After trying eInk screens and back lit screens I assumed that the eInk caused less eye strain, but it seems that like so many times before, I may have been wrong. A NY Times Bits Blog post recently covered this topic and it seems that I cannot blame my back lit monitor for my deteriorating vision any more than I can blame my car for my cardiovascular health.
Apple’s iPad with a full-color LCD display.E Ink has a very low contrast ratio. Although it can offer an excellent reading experience in bright sunlight, the screens can become uncomfortable to use in dark settings because of the lack of contrast and backlighting on the screen.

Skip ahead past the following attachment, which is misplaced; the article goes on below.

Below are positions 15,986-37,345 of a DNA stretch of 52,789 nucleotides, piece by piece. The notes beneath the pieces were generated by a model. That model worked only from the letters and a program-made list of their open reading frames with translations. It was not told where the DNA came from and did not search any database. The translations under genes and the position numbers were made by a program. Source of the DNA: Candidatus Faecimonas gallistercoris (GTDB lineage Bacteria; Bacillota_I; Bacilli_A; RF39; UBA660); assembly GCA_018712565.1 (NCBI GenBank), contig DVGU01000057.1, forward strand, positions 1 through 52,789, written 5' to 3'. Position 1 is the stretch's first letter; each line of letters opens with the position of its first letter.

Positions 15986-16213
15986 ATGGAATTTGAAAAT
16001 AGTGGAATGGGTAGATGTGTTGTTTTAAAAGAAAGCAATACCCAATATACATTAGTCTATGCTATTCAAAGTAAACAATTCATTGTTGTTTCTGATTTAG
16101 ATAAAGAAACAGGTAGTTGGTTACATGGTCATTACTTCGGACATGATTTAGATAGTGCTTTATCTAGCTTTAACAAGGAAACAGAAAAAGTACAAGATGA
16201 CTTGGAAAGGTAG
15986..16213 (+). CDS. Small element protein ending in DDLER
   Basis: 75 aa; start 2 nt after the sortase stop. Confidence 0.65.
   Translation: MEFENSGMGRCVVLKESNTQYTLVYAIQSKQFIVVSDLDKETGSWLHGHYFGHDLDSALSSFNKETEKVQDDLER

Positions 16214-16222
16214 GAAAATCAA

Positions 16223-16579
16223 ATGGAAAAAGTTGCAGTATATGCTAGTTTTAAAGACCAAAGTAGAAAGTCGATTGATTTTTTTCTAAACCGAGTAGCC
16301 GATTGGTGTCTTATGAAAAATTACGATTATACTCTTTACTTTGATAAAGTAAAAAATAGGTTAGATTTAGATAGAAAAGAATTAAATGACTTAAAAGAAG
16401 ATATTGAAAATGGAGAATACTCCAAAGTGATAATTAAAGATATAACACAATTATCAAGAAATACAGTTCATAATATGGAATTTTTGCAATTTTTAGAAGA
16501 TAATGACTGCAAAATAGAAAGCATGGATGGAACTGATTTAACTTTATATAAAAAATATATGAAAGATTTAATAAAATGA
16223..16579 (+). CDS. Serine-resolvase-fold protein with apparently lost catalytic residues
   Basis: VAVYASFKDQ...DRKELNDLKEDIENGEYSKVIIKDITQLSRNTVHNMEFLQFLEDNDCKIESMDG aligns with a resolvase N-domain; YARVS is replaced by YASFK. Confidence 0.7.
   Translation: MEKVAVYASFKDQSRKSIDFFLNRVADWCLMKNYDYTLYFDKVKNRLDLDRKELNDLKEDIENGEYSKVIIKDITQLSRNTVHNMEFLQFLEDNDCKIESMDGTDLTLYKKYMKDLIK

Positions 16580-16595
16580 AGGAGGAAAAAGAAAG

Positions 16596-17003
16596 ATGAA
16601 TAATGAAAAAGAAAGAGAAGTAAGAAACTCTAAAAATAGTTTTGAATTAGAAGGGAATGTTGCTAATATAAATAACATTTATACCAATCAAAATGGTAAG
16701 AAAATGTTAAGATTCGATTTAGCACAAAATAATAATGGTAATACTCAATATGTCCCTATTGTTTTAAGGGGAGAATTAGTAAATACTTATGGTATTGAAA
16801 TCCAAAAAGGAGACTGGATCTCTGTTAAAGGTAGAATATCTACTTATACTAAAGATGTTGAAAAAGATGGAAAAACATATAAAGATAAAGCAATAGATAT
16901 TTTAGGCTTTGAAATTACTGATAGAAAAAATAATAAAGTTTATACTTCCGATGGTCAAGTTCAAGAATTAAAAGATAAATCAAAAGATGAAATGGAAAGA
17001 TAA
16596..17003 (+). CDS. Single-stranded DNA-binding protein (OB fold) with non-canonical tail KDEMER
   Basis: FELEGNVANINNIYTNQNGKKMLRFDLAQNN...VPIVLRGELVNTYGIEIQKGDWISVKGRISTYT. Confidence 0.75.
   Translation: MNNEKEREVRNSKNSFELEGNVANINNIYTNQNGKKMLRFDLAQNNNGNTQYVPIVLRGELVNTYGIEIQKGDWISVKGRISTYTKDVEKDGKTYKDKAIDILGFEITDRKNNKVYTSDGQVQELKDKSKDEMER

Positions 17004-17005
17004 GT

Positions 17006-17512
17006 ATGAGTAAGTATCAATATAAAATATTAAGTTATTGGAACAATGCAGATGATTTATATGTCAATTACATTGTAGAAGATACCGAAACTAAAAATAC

LCD screens, meanwhile, have long struggled to offer good viewing angles for reading. Apple’s latest IPS LCD screens include extremely wide viewing angles, but the reflective glass on the screen could be a hindrance in brightly lit situations.
Professor Alan Hedge, director of the Human Factors and Ergonomics Laboratory at Cornell University, said that reducing eye fatigue is less a matter of choosing a specific display than of taking short breaks from looking at the screen.
When we read, Dr. Hedge explained, a series of ocular muscles jump around and can cause strain, regardless of whether we are looking at pixels or paper. “While you’re reading, your eyes make about 10,000 movements an hour. It’s important to take a step back every 20 minutes and let your eyes rest,” he said.
Honestly, who can take a break from reading after only 20 minutes? That's inhuman.